Zoom is by far the most popular video conferencing service right now. From office meetings to yoga classes, people are using Zoom in different ways to stay productive and retain some normalcy in their otherwise currently restricted lives because of the Covid-19 virus outbreak.
Thanks to its ease of use and competitive pricing, Zoom has quickly risen to popularity—but that doesn’t mean it is completely safe. No app is, and therefore the onus is on you to take the necessary steps to keep yourself secure on Zoom.
How can you do that?
This post is a good starting point. We will discuss 8 tips for Zoom safety and privacy.
Protect your account
Look, here’s the thing. Your Zoom account is like any other account, and so you should apply the basic account protection here as well. Namely, make sure your password is strong and unique—a combination of letters, numbers, and special characters that is hard to guess.
Using a two-factor authentication is strongly recommended, as it adds an extra layer of protection. It can prove to be the difference between a compromised and a safe account in case your Zoom account data leaks. While so far Zoom has done a good job of keeping account data safe, things like this have happened in the past. Therefore, enabling an extra layer of protection makes a lot of sense.
Last but not the least—and this one is specific to Zoom only—protect your personal meeting ID. Once you complete registration, you will receive a Personal Meeting ID. Try not to make it public.
Since Zoom lets users create public meetings using their Personal Meeting IDs, one can easily leak it if one gets careless. If you do leak your Personal Meeting ID, anyone privy to it can join all meetings you host. Therefore, share it carefully.
Be wary of links
When you create a Zoom meeting, you can invite the participants by copying a URL generated by Zoom. However, this is hardly the safest way to invite people or enter a meeting.
Why? Glad you asked.
One of the most common tricks used by online scammers to dupe people is to send out a malicious link in an email. When the recipient clicks it, either he or she is encouraged to share their confidential information or a malware takes control of their computer and steal personal information.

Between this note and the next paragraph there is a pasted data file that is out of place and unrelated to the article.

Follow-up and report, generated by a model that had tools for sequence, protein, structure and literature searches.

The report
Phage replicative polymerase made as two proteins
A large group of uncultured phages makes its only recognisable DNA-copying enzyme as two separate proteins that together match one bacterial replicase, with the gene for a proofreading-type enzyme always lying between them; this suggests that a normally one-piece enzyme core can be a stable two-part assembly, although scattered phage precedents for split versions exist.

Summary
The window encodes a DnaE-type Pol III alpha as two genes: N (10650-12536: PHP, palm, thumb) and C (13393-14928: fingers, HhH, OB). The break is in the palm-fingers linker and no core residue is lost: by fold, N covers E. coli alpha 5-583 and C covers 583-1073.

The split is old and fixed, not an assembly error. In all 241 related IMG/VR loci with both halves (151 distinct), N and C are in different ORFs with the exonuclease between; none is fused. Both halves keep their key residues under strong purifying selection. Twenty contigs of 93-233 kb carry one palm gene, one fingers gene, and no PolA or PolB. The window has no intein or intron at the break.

When you create a meeting on Zoom, you have the option of inviting people by sending out a link which starts with https://zoom.us/ and then is followed by a string of letters and numbers.
However, there is another, much safer of inviting participants.
Instead of using the link that appears on your screen when you create a Zoom meeting, note down the meeting ID and the password. Next, list this information in an email, add a personal note to it, and then send out the email to the participants. They can use this shared information to join the meeting via the Zoom app or through Zoom official website.
Download the Zoom app from the official website
Do you know the number of malicious files using the names of other popular video conference services has grown rapidly in the last two months?
Hackers are trying to use the rapidly-growing popularity of Zoom and other similar services to their advantage by disguising malware as online videoconferencing clients.
Precisely for this reason, you should always—we repeat always—download Zoom from its official website: zoom.us. If you want the videoconferencing client for your android phone or iPhone, visit Google Play or the App Store.
Don’t share your conference links on social media
If you are organizing an online public event, you may want to use social media to share the link to it. However, that is not a good idea at all.